Newswire- Innocence Project: 2018 was a record year for exonerations

By Frederick H. Lowe, BlackmansStreet

This is a photo of Gregory Counts

Gregory Counts freed after 26 years

The Innocence Project reported in the most recent issue of its magazine that a record nine clients were exonerated and released from prison in 2018 for crimes they didn’t commit.
Maddy deLone, the Innocence Project’s executive director, wrote in Spring 2019 issue of “The Innocence Project in Print” that the nine exonerations were most at one time in Innocence Project’s 26- year history.
Exonerations continued into 2019 with three more men being released from prison for crimes they didn’t commit.

The incarcerations took a problematic toll on the 12 men who were locked behind bars for a total of nearly 300 years. “Time away from their homes, families and loved ones cannot be replaced,” deLone wrote.

Gregory Counts, one of the exonerated said, “I want to jail when I was 19. I did 26 years—over half of my life in jail. I need to see the world.”

Manhattan District Attorney Cyrus R. Vance Jr. vacated rape, sodomy and kidnapping charges against Counts after a woman who claimed she was the victim admitted to lying. Semen and other physical evidence eliminated Counts as a suspect.

Malcolm Alexander, another exoneree, said, “freedom is a new life. It’s like being reborn. It’s giving a chance to live a life I had been denied.”
Prison officials locked Alexander behind bars for 38 years for a rape he didn’t commit. A judge sentenced Alexander to life in Angola Prison in Angola, Louisiana, the country’s most-notorious prison and former plantation, when he was 21.
The Innocence Project determined Alexander’s attorney was incompetent.
Genetic testing eventually eliminated him as the rape suspect. He left prison with a smile on his face and his black pet Labrador Retriever named “Innocent.”

In another matter, New York created the first ever state-wide commission to study prosecutorial misconduct, such a failure to disclose or discrimination in jury selection.

Newswire : Police arrest Black NFL player because he was “acting suspicious”

By Frederick H. Lowe

bennett michael1

                                                                      Michael Bennett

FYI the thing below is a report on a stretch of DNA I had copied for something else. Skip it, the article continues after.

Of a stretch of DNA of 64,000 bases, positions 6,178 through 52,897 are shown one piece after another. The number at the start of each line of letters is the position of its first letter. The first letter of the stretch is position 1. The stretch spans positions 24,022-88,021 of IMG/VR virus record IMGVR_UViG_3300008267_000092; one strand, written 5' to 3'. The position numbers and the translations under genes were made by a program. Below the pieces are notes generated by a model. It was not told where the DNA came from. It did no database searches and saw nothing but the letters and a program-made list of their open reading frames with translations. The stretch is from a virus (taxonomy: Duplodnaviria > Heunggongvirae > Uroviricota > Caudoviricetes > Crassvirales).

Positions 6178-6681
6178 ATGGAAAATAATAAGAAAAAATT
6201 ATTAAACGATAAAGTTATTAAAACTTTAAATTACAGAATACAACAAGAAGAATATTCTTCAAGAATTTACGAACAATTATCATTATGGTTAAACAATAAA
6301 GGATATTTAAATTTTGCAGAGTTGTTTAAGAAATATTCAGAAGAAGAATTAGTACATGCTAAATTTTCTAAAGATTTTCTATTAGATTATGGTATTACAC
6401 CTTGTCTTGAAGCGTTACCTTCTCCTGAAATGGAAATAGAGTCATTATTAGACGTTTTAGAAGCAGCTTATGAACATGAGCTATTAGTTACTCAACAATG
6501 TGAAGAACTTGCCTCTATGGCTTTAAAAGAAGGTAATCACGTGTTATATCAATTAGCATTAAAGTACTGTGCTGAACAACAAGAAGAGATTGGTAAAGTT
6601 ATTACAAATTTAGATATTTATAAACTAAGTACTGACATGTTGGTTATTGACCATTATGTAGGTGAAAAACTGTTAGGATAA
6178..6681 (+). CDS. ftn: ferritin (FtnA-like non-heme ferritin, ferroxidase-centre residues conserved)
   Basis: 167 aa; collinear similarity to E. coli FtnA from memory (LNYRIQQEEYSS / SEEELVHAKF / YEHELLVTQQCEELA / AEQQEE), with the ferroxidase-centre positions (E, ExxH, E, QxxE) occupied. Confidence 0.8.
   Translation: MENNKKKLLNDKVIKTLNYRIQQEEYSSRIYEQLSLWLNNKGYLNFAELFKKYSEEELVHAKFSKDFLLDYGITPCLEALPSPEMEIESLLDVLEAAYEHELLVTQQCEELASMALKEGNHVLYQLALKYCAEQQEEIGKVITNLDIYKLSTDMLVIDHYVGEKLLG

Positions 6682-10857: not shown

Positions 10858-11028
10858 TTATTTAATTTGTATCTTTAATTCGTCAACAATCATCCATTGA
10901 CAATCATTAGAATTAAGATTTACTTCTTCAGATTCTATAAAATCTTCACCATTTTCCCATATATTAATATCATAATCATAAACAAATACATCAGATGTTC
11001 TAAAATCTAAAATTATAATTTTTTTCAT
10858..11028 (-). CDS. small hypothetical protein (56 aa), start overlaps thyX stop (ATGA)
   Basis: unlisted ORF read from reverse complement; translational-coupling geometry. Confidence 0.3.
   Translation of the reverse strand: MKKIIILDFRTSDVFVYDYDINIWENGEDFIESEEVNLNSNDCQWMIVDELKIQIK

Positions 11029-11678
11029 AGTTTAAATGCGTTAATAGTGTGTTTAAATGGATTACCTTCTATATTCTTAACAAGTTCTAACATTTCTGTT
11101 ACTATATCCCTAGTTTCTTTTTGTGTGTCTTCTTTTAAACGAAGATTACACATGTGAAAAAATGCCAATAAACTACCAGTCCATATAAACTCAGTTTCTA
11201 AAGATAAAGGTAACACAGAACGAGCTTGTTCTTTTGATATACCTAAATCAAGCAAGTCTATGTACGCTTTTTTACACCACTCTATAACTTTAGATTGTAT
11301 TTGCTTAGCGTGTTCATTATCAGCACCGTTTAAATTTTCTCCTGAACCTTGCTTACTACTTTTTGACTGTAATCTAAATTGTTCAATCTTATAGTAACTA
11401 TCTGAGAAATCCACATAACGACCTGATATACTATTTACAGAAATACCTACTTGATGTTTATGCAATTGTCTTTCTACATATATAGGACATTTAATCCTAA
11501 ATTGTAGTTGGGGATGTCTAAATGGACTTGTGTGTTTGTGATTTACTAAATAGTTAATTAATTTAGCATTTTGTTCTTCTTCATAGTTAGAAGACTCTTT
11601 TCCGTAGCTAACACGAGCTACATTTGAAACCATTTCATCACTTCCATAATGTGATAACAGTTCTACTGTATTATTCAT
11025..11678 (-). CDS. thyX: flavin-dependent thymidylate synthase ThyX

Special to the Trice Edney News Wire from

( – A Las Vegas police officer pointed a gun at Seattle Seahawks defensive end Michael Bennett’s head and threatened to kill him if he moved after arresting him for no reason on Saturday, August 26. Bennett posted his experience on twitter.
Bennett was walking to his hotel after attending the Mayweather-McGregor fight when he and other members of a crowd heard what they believed were gunshots.
“Like many people in the area, I ran away from the sound, looking for safety,” Bennett said.
Police, however, singled him out, placing a gun near his head, warning him not to move and if he did, he would blow “ ‘my fucking head off,’ ” Bennett charged. The cop ignored Bennett’s pleas that “he had not done nothing.”
Bennett was lying on his stomach and a second cop came over and put a knee in his back, making it difficult for Bennett to breathe. The cop handcuffed Bennett, cinching the handcuffs so tightly his fingers went numb.
What was going through Bennett’s mind is that the cops would murder him for being a black man in the wrong place at the wrong time. “My life flashed through my eyes as I thought of my girls. Would I ever play with them again? Or watch them have kids? Or kiss my wife again and tell her I love her.”
When police learned that Bennett played for the Seahawks, they took the handcuffs off and released him without an explanation or an apology.
The Las Vegas police said the officer arrested Bennett because he was acting suspiciously, two words black men often hear from the police. The cops said Bennett was hiding behind a gaming machine before he jumped over a fence.
As it turned out, there were no gunshots.
The police union, however, wants the NFL to investigate Bennett’s allegations that he was arrested after being racially profiled.
Roger Goodell, commissioner of the NFL, supported Bennett who he said represents the best of the NFL— “a leader on his team and in his community.” Goodell said there will be no investigation.
Bennett has hired a lawyer and intends to sue the police department.